Spare a thought. Spare a thought to the big-hitting, six-scoring Evin Lewis. On his watch, the West Indies looked safe and comfortable on their way to what might have easily been one-sided domination at Hyderabad.
Also, spare a thought for a young man, who, at the back of taking his West Indies to a record score of 207- the team’s highest-ever T20 compilation in India, achieved his first T20 fifty. But don’t spare a thought, even the tiniest of a trickle that may lead to some pause in giving respect where its due: toward hailing Virat Kohli’s unbeaten score of 94.
This was a knock that came off just 46 deliveries and was laced with six mighty ‘half a dozens’ and as many fours. Yet, it did take Virat Kohli, the great Indian batsman, man-in-charge, bowler-destructor, genuine thriller- 20-odd balls to set himself up for the big score his team was in sight of.
But then once he unfurled the inner beast, there was no stopping Virat Kohli. The exquisite cover drives, the jabs toward the mid-wicket, the sublime timing on the on-side, an area he mans with unmatched superiority, and the sixes hit on back of length deliveries- if there was the finest representation of Virat Kohli’s masterclass in action, then this was it.
Those watching it whilst adorning blue jerseys were worshipping the massive hammering of the West Indian bowlers, none with a clue about how to control the master. Those, who were watching it at the insanely early hours from the Caribbean, may surely have been captivated too.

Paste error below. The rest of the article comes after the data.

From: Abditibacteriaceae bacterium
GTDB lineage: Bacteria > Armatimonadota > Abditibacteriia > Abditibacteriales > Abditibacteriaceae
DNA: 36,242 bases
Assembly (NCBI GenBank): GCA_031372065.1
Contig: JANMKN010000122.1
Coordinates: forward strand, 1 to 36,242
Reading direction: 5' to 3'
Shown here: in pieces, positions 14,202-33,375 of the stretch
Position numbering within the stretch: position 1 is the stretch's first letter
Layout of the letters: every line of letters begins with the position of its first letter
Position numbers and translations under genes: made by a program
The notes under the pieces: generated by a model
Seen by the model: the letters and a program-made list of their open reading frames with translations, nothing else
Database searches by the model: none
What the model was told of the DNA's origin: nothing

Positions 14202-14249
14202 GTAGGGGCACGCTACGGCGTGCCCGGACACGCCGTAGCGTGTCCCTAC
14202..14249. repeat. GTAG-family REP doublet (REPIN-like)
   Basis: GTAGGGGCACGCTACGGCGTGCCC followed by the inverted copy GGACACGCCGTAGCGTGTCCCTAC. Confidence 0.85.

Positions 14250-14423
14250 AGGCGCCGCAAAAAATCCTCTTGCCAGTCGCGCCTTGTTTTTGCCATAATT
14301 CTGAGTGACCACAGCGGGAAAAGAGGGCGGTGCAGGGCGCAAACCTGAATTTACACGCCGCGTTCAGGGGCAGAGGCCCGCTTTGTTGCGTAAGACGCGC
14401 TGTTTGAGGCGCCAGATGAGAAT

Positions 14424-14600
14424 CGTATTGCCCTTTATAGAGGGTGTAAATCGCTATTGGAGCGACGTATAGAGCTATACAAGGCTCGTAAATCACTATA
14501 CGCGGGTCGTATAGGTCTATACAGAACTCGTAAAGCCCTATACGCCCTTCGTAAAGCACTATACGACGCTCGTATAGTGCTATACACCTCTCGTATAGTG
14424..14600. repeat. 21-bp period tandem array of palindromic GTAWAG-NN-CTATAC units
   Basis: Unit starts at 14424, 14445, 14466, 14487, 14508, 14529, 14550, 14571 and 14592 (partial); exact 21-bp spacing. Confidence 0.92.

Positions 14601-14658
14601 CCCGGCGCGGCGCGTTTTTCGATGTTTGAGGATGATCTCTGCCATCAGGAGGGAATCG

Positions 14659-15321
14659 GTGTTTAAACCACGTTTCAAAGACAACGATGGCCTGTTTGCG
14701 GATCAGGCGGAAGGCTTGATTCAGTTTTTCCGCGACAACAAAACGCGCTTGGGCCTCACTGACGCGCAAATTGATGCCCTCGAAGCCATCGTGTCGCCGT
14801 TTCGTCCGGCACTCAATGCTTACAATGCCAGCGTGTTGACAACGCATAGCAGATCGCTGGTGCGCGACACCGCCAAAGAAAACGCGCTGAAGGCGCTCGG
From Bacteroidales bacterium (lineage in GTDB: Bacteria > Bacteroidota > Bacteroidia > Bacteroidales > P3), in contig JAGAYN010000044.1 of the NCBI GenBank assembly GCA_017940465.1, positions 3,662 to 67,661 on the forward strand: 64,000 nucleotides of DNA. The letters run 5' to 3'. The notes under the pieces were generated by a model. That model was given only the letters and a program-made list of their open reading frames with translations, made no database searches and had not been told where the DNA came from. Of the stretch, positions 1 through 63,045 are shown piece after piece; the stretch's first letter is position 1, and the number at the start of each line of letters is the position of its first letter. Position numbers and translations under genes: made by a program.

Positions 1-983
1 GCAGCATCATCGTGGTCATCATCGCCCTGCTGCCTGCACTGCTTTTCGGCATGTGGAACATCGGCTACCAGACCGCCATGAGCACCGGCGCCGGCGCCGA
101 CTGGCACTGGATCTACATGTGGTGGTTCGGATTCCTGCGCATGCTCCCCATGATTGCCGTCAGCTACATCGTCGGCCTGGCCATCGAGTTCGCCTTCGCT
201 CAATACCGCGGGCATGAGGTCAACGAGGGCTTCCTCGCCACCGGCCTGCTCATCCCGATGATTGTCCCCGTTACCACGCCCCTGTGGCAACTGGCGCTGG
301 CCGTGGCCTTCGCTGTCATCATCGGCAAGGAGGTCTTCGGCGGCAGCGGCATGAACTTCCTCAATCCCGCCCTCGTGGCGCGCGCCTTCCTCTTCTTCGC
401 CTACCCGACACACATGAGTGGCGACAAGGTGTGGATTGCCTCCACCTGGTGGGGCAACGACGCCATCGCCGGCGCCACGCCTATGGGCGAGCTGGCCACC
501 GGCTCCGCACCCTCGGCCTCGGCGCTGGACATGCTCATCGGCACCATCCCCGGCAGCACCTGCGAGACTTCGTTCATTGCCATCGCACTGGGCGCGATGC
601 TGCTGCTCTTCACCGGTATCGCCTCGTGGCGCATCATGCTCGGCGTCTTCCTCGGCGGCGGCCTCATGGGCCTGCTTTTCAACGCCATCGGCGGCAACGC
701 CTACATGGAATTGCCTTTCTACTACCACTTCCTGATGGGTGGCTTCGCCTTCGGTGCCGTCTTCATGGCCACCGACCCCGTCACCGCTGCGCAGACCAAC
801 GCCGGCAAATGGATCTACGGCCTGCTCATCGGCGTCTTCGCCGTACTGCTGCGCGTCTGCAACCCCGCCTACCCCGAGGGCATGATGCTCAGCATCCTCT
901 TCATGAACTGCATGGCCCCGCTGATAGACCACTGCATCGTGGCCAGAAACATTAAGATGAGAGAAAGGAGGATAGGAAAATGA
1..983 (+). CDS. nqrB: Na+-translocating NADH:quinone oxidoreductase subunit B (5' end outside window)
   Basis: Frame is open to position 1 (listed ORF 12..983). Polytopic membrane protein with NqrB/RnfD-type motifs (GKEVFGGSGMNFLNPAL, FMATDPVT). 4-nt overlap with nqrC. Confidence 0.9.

Good batsmen make lots of runs. But great batsmen make runs in a fashion that even those whose teams are being hung out to dry don’t mind witnessing the enthralling sight. Perhaps, this stands true to describe the dictum which Virat Kohli has set for him and his globe-trotting fans.
In the process of scoring 94 match-winning runs, an effort that took India over the ropes, in an early exhibition of ascendency in the 3-match series, Virat Kohli also reached his personal best or individual best score in the shortest format of the game.
He was boisterous, he was a beast, and he meant business. Yet, despite having played some glorious knocks in the past in the said format, for example, his unbeaten fifty that saw India better Australia in the World T20 of 2016 (held at Mohali), Kohli exhibited some different and perhaps surprising thoughts when quizzed about the thought of becoming a format-specialist.
He, to put it simply, averted the desire to be seen as a format specialist in the T20 game.
And here are his immediate reflections:
“I don’t want to change my game too much because I play all three formats. I just want to contribute in all three formats, that’s what I want to do. I don’t want to be a format specialist. When you are chasing a big total, there are a lot of distractions with the scoreboard pressure. But after a few dots, the game puts you in a position where you just have to hold your shape and play the shots,” Kohli explained after the match.